Last week, in observance of Good Friday, I posted a blog titled The Cross Speaks, listening to the story of the tree that was destroyed in order to make a cross. This week, in observance of Easter, I considered writing one titled The Tomb Speaks. I found myself wondering what the empty tomb in the Christian resurrection story might have to say to us.
So I allowed myself to go there. In my imagination I entered a dark, empty chamber hewn out of the side of a hill. It was cool. I was alone. I sat down on the ground to listen for the words that the tomb might want to speak, but all I heard was silence. The silence was deep, and it was filled with wisdom that was beyond words. It’s wisdom was of a mystery, of an unfathomable transformation. It was not a chamber of endings, as we usually believe it to be, but a container for profound metamorphosis.
I realized then how hard we try to ward off the tomb’s silence with our trumpet voluntaries and fill its emptiness with our certainties and dogmas. But Mystery cannot be defined, its nature cannot be grasped.
This past Easter Sunday, I was taking an afternoon walk in the woods with some friends along Ridley Creek outside of Philadelphia, and towards the end of our walk I stopped for a moment, standing next to the creek as the brilliant late-day sunlight slanted through the trees. I soon found myself opening to that state of Oneness in which there is no barrier between myself and the All, between the “living” and the “dead”. I felt the presence of dear ones who have left this world — the familiar energy signatures of their love — and felt myself one with the trees, the creek, the birds, the sunlight reflecting off the water. The beauty of it moved me to tears.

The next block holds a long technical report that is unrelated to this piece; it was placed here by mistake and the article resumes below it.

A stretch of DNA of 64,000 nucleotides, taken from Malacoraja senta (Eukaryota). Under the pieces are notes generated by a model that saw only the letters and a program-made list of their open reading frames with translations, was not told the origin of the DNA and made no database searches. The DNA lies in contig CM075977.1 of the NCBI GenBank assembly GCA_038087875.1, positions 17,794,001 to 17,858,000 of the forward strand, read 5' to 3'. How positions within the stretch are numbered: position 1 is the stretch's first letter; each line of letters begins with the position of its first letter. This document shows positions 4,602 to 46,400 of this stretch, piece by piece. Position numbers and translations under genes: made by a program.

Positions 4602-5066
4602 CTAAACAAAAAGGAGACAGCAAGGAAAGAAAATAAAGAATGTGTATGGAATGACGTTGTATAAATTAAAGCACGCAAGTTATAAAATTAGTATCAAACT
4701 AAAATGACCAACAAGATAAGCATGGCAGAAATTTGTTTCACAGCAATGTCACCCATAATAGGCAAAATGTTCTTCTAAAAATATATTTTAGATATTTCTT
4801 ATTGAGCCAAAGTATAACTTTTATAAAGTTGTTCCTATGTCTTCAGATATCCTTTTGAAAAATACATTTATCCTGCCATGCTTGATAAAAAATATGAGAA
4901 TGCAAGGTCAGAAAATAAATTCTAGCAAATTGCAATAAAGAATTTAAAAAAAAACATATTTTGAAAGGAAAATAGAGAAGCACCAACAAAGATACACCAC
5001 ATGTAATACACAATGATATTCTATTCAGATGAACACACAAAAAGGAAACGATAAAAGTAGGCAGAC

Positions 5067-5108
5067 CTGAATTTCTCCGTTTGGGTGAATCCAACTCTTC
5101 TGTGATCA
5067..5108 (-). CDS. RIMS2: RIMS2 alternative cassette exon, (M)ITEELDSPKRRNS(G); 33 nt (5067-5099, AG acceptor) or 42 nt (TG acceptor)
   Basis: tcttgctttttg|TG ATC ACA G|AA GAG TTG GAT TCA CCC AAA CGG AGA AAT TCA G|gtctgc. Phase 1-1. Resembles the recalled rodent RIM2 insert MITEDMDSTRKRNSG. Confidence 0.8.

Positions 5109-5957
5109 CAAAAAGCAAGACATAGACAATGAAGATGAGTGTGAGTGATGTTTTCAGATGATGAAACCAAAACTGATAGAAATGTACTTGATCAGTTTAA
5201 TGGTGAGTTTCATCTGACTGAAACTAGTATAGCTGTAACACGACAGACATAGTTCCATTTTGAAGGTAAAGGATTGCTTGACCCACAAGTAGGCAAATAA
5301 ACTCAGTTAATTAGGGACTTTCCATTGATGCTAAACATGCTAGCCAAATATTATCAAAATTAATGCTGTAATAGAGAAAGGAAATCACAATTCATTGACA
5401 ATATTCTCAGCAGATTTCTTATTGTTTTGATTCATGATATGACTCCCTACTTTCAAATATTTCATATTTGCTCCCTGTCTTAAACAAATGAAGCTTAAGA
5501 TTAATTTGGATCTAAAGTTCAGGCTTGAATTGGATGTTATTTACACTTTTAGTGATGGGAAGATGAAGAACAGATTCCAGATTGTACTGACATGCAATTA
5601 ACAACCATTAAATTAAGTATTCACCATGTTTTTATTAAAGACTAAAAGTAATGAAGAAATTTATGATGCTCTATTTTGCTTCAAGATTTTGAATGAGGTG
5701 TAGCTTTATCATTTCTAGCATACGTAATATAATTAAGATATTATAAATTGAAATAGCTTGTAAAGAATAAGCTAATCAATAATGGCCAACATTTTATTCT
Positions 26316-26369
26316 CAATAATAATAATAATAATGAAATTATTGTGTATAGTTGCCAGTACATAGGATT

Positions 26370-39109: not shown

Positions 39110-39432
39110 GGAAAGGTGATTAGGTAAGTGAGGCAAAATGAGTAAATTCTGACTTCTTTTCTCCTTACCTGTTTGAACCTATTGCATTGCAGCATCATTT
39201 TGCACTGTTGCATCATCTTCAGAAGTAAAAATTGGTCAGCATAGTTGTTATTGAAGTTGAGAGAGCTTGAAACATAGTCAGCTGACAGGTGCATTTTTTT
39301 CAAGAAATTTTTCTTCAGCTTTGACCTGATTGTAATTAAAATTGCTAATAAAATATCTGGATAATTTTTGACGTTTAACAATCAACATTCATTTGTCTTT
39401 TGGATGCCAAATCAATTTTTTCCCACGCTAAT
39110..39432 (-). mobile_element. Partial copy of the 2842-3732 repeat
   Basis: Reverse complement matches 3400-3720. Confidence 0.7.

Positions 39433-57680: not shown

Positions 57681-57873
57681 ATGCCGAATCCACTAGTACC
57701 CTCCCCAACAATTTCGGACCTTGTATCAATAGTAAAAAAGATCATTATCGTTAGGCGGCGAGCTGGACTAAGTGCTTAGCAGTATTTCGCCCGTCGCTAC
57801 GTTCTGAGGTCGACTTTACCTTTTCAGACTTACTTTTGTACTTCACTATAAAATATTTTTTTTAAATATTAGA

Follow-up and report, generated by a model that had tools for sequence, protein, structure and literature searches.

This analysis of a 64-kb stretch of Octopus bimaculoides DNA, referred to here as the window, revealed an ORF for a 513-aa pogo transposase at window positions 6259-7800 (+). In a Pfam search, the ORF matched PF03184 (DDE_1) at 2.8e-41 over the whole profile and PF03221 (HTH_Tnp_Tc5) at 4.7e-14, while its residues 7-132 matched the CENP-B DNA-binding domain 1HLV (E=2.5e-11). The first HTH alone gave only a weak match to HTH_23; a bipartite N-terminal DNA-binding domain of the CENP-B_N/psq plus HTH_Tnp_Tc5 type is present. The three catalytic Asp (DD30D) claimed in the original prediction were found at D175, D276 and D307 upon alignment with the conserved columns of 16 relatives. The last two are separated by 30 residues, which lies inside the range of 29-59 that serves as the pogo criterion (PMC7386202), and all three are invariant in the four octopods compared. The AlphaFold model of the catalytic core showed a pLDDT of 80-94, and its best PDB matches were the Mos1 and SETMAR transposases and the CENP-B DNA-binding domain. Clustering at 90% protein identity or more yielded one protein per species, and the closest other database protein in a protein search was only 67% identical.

It was a moment in which I perceived the mysterious truth that the empty tomb in its silence taught. In resurrection it isn’t death that is vanquished, for death is the natural culmination of life, but rather it is our fear of death, our misunderstanding of death that is overcome. This, I believe, is what the early Christians meant when they said that death had lost its sting.
May that incomprehensible Mystery that is beyond the reach of all our words hold you in its gentle, beautiful, silent truth.
Gary L Lake Dillensnyder says
I resonnate with your experience of the silence from/in the tomb and the great Mystery that beholds us as we behold the silence. I find moments in my walks at Valley Forge Park (my get away place) that the silence speaks more distinctly and vividly than the noise that seems to seek a way to fill every moment and space. In the silence I find my sister, my dad and my mom who are on the other side of Easter. I also find the God whose presence so challenges me to heal and deepen and grow. Thanks for your blog and the thoughts/experiences you share. They are so very meaningful and I am thankful! Just peace, Gary
Patricia Pearce says
Gary, thank you so much for your comments. I especially appreciated your observation of how the noise, that seems to be such a pervasive part of our culture at the moment, can fill every space and moment. I always find that when I remove myself from it for a time and let myself sink into silence I am brought into a deeper reality where I am renewed and blessed.